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Should I put casters on my sofa?

Hi there, I'm Chris from Roger & Chris and I'm here today to answer an important question. Should I put casters on my sofa?

Casters, what are they? Alright, so casters are when you see a sofa that has cool little wheels at the bottom of the leg. That's a caster. The concept behind this is that it makes it easier to wheel the sofa around for cleaning. That's the historical precedent. I don't know that it makes sofas easier to wheel around for cleaning. I do know that it is a cool look and that's realistically why people do them. I like 'em, I think they look neat.

There are some down sides and I think you need to consider 'em. When we do a regular fixed leg, an all wood leg, on the bottom of that leg is a little plastic cap. It's called a glider. And what it will do is give you protection on your floor. So, if somebody plops down on the sofa and it moves around a little bit, it's not gonna cause a scratch. It's gonna give you a little bit of protection. It's also gonna make it relatively easy to sort of slide that furniture around a bit if you need to 'cause it's not gonna stick too much. If you're dealing with carpet, it's kind of a non-issue, right. It's a pressure point, a caster, or a little plastic pad, either way, it's gonna be a pressure point on the carpet so it's kind of six of one, half dozen of the other. But for wood floors, I think, it's an important consideration. That brass metal leg, the wheel, is potentially a source of trouble. It can scratch a floor. I haven't seen it do too much damage, in my experience, but there's that potential and, depending on the hardness of your floors, and how protected they are, you might wanna think about that. I've had a house that had really kind of soft, wood floors in it. I would not put a caster leg on a sofa in that environment because it would totally scuff it up and cause indentations and be all kinds of trouble.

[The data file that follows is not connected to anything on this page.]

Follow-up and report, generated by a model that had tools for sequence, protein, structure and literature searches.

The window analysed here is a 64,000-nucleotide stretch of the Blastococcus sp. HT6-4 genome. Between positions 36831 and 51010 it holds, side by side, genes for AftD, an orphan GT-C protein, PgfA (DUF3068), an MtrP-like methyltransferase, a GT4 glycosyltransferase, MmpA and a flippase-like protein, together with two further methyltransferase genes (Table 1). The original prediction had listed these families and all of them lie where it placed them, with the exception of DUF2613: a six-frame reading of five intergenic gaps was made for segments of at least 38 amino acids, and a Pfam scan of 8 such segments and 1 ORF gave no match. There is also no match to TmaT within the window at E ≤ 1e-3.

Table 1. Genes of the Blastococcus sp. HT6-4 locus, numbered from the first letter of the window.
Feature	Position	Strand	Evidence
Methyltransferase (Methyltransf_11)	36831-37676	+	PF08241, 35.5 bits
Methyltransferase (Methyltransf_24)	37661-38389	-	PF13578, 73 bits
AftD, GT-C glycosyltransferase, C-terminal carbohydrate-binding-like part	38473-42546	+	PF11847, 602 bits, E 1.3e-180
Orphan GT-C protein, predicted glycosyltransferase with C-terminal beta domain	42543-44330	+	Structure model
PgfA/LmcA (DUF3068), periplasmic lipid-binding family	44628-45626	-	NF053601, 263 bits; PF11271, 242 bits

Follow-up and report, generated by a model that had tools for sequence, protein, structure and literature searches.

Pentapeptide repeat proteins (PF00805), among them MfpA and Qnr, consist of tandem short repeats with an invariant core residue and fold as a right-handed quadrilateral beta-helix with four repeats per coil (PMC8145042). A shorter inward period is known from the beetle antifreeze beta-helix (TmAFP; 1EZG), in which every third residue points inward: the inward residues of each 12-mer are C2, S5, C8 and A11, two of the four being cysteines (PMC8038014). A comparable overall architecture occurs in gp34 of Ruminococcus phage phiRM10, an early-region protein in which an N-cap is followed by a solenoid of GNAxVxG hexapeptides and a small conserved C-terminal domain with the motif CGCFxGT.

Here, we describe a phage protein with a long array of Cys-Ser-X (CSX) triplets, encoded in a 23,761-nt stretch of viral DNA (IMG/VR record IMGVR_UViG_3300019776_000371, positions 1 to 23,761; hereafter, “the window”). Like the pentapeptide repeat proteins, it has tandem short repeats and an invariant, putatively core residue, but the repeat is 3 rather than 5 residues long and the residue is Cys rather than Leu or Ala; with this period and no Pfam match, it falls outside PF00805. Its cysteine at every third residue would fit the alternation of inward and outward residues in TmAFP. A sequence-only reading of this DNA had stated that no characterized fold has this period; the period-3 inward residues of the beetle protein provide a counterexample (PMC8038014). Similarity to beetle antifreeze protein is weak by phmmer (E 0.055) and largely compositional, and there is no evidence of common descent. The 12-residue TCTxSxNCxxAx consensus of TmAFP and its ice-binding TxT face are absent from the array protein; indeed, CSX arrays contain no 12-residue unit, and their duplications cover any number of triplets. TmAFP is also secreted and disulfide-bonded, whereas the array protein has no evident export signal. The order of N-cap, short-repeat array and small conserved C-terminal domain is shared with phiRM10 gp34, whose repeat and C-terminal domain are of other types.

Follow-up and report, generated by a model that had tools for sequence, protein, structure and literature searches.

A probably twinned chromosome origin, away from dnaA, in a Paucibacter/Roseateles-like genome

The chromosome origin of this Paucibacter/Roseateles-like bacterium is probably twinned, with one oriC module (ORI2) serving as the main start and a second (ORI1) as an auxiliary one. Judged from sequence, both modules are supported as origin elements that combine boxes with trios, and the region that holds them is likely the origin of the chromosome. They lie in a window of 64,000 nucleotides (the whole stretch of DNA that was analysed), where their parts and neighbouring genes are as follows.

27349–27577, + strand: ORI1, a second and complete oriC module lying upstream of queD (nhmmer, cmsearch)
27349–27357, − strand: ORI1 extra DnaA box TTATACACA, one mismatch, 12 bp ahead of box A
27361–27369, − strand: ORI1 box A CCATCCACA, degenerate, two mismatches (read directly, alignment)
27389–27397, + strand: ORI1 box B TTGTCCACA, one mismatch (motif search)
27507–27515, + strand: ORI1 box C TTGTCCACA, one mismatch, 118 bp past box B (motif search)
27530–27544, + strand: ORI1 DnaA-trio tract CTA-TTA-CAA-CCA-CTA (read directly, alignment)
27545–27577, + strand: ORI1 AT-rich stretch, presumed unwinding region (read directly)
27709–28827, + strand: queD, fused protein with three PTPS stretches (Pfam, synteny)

The other thing about caster legs that can be a problem is that it introduces a point of failure, potentially. We have a wood leg and we have, the casters are attached, it's a wheel, it has a little axle and everything, it rotates and then there's a brass cup that sits on the bottom of the leg and is screwed into place. I think that when you join two materials toegether, two different types of material together, there is that potential that there's a failure because you're using screws to hold things together. They're pretty durable. We have a good source for these legs at this point. They're made for us and I think they're high quality, but, you know, if you have an eight year old who likes to swan dive onto the sofa the sofa's gonna tolerate it, it's gonna hold up. It's not a problem, but that little potential failure point to either come undone or cause a scratch on your floor, I don't know if it's worth it.

Here's what I can say. We're happy to build a sofa for you with regular wood legs, send it to you. If you get it, put it in your living room, and say, you know, I just really need, I really need that extra, little, special touch of that little metal caster. Let us know. We'll send you a set of those. We can swap 'em out or you can hold onto the wood legs, whatever. Put those on, it's an easy swap, and you're good to go. So I, you know, I think in the end, it's one of those things that seems like a really cool idea, may not be all that essential. They're really popular in a lot, there are certain furniture companies that use them over and over again. In my experience, those furniture companies do not seem to care a whole lot about what living with their products actually means. I do care about that. I really wanna make sure this works for you long haul, but we can do either, we can talk about it, but think about it carefully as to whether it's something you really want on your sofa.

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